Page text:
By Eleanor Shelton
My Fitbit died last week. It had always been on my wrist (other than showers) for the last year and a half. It held me accountable for moving more, celebrated when I moved a lot more, and actually told me the time. Something is missing that had become part of me.
I feel lighter. Unencumbered. Untethered. Free.
But at the same time, I feel sad. I liked having a partner, even if it was electronic and cared nothing for me as a human, that prodded, reminded, cheered, and scolded. My Fitbit was a little bit like a writer friend who holds me accountable for my writing efforts. I know that person has my best interests at heart, someone who I can’t let down at all costs.
When I got my 10,000 steps in, my Fitbit held a little vibration party on my wrist, complete with banners, a disco ball, and dancing stick figures. When I finish a chapter, an essay, send in my work to a journal or contest, my writer friends may do a little dance, but minus the mirrored disco ball. But the feeling of pleasing them as well as myself feels like a celebratory banner.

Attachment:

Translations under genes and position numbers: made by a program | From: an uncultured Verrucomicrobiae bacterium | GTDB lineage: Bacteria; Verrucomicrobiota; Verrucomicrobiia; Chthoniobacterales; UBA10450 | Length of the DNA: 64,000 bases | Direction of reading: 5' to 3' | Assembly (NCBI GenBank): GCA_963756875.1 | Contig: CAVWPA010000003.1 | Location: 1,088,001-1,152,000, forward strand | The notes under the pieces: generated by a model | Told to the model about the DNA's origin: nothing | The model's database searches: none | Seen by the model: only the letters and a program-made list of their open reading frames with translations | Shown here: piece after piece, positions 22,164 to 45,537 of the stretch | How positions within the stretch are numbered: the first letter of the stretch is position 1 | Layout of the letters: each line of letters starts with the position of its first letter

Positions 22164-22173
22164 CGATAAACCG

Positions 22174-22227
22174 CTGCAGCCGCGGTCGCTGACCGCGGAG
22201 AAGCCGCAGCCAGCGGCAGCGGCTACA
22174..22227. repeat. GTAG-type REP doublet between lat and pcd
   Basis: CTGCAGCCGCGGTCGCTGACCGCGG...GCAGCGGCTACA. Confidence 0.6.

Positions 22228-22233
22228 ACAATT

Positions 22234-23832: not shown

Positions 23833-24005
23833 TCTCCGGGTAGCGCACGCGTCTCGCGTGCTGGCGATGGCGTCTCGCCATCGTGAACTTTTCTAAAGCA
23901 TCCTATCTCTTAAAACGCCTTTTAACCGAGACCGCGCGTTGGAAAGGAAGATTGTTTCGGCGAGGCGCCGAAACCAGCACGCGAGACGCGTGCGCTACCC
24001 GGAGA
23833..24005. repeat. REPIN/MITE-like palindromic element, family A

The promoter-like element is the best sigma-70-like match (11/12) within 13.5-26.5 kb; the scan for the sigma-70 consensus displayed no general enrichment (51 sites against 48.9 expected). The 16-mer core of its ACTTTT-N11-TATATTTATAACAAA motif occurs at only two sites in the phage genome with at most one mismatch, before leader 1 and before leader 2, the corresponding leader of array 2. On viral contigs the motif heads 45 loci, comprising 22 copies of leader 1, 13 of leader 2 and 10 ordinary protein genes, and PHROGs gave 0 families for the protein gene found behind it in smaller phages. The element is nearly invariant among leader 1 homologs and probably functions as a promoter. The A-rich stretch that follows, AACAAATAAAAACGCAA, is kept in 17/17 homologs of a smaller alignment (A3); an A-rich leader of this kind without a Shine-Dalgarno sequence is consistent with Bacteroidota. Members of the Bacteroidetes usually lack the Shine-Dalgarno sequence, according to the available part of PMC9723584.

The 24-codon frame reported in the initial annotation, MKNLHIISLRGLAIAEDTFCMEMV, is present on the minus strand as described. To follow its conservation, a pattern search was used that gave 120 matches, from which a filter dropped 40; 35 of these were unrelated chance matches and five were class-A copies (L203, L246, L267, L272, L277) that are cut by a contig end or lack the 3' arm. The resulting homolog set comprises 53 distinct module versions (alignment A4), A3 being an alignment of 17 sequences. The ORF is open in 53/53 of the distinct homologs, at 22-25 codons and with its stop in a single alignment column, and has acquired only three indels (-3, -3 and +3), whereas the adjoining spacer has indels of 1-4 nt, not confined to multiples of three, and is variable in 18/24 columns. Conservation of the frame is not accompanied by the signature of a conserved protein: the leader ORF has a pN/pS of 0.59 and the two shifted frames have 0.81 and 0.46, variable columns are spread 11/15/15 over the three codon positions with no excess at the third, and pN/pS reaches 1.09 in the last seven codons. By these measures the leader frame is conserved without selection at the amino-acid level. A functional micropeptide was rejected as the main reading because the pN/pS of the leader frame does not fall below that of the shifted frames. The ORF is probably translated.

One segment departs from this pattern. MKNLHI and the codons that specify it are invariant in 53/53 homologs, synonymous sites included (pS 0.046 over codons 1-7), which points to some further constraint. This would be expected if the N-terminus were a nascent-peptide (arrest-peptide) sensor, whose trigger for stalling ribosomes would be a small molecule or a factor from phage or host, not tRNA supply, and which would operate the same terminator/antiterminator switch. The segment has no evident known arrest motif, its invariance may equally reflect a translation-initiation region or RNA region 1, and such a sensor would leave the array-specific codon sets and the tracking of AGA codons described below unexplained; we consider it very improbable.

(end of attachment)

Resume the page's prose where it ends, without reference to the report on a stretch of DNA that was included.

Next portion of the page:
My Fitbit was my accountability partner. I periodically write with a small group of other writers. We tell each other what we hope to accomplish in the next hour or two. Then we write. At the end of a sprint, we’re honest about what we get done. Maybe it’s more than we hoped, perhaps it’s less. But we tried. We attempted to fulfill our goals not only for us but for them.
Part motivational speaker, part therapist, part dominatrix, and a dash of mother or father. An accountability partner can be an essential partner in our writing journey. Never to scold, but support and cheer. Like your dog, although dogs don’t make very useful accountability partners, no matter how much they love you.
My Fitbit never told me the number of times I didn’t move enough in an hour, but rather how many hours I succeeded. If I wanted, I could see my accomplishments or lack thereof at the end of the day.
I’m thinking about buying another Fitbit. I miss the slight weight on my wrist that reminded me that I could do more towards my overall health. A writing accountability partner also carries some mental heft. But if we sometimes lack the belief that we can continue along that writing path, the buzz of encouragement maybe what we need to keep moving.